y2 = y2 + solution[j]*pow(xRes,j)

    return xRes, y2

# Function to define the plot
def definePlot(x, xStart, xRes, y, y2, m):
    ax = plt.subplot()
    ax.plot(28*(x+xStart),y, "ob", linestyle="solid")
    ax.plot(28*(xRes+xStart), y2, linestyle="solid", label="m=%d"%(m,))
    ax.plot(350,predict(12.5, m), 'ro')
    return ax

# Function to set options for plot and show it.
def showPlot(x, curveMar, xStart):
    plt.xlim(28*(x[0] - curveMar + xStart),28*(x[len(x)-1] + curveMar + xStart))
    plt.title("Hive Price (USD)")
    leg = plt.legend(loc='best', ncol=2, mode="expand", shadow=False, fancybox=False)
    ax.set_xlabel("Time (days)")

def findRes(x, y, solution, resSqrSum):
    for i in range(len(x)): #NOTE: This index plus 1 will give the order of the polynomial being fitted
        resSqrSum[i] = y[i]
        for j in range(len(solution)):
            resSqrSum[i] -= solution[j]*pow(x[i],j)
    return sum(resSqrSum)

fileData = open("<location>/data.csv", "r")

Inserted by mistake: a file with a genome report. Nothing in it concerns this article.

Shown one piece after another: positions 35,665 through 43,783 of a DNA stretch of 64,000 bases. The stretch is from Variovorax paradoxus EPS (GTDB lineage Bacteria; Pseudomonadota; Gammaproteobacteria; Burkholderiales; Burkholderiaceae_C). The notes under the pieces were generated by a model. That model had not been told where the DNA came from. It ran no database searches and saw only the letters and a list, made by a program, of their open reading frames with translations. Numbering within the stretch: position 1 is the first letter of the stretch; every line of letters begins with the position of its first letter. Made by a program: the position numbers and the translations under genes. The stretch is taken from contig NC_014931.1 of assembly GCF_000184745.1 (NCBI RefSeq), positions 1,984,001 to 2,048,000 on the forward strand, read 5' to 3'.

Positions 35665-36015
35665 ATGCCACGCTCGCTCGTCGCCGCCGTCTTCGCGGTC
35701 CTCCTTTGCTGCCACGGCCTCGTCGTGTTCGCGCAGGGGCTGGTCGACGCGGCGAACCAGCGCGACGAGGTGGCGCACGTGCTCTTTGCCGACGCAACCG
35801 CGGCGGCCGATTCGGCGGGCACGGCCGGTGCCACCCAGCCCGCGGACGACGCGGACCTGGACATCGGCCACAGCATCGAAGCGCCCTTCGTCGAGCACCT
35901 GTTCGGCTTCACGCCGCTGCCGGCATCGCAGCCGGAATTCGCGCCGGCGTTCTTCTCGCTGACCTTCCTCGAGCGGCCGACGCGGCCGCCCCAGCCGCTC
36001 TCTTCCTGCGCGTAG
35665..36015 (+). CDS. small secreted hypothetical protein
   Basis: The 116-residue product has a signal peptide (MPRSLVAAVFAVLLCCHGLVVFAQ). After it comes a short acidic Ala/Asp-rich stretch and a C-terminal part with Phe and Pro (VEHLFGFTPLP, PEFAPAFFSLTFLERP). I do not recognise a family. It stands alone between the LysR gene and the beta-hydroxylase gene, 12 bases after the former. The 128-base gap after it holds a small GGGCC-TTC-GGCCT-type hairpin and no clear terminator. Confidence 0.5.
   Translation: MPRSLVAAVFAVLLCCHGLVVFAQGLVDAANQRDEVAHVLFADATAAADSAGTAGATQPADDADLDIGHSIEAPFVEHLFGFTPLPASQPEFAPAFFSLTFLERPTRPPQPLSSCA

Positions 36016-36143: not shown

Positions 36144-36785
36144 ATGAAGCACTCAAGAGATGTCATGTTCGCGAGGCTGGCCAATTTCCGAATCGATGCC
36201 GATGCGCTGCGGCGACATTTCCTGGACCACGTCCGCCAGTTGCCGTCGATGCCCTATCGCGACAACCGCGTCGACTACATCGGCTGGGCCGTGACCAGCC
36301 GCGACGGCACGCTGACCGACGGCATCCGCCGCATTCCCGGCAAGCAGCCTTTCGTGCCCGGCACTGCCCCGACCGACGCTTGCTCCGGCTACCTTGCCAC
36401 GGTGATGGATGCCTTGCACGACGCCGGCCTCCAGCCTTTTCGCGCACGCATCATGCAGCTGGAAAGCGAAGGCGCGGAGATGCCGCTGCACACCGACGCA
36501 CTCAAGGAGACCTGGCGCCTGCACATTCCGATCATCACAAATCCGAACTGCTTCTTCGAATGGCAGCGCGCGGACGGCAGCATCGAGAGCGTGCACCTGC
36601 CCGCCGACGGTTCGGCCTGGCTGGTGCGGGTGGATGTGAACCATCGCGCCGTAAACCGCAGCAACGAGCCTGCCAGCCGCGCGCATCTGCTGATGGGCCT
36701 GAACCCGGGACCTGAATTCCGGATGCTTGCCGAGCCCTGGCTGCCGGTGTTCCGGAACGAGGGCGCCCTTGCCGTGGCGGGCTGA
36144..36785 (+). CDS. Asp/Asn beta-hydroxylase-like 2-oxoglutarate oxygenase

for line in fileData:
    line = fileData.readlines()

print("Data received:\n",*line)

x = np.zeros(len(line))
y = np.zeros(len(line))

for i in range(len(line)):
        x[i], y[i]= line[i].split(",")

xStart = x[0] #xStart makes sure that that the x-matrix for original data always starts from 0?
x = x - x[0]

print("x-matrix:\n",x,"\n y-matrix:\n",y)

# Defining Residual Squared Sum Matrix, this will store the residuals for different order fits.
resSqrSum = np.zeros(len(x))

#order = 2
#n = order

# Defining Syx matrix
Syx = np.zeros(len(x))

n = len(x)
curveRes = 0.1
curveMar = 2

for order in range(0, len(x)): # Actual order is 1 plus this index
    m = order + 1

    xStart, solution = fitCurve(x, y, m)

    xRes, y2 = resolveFit(m, curveRes, curveMar)
    # Finding sum of residuals squared.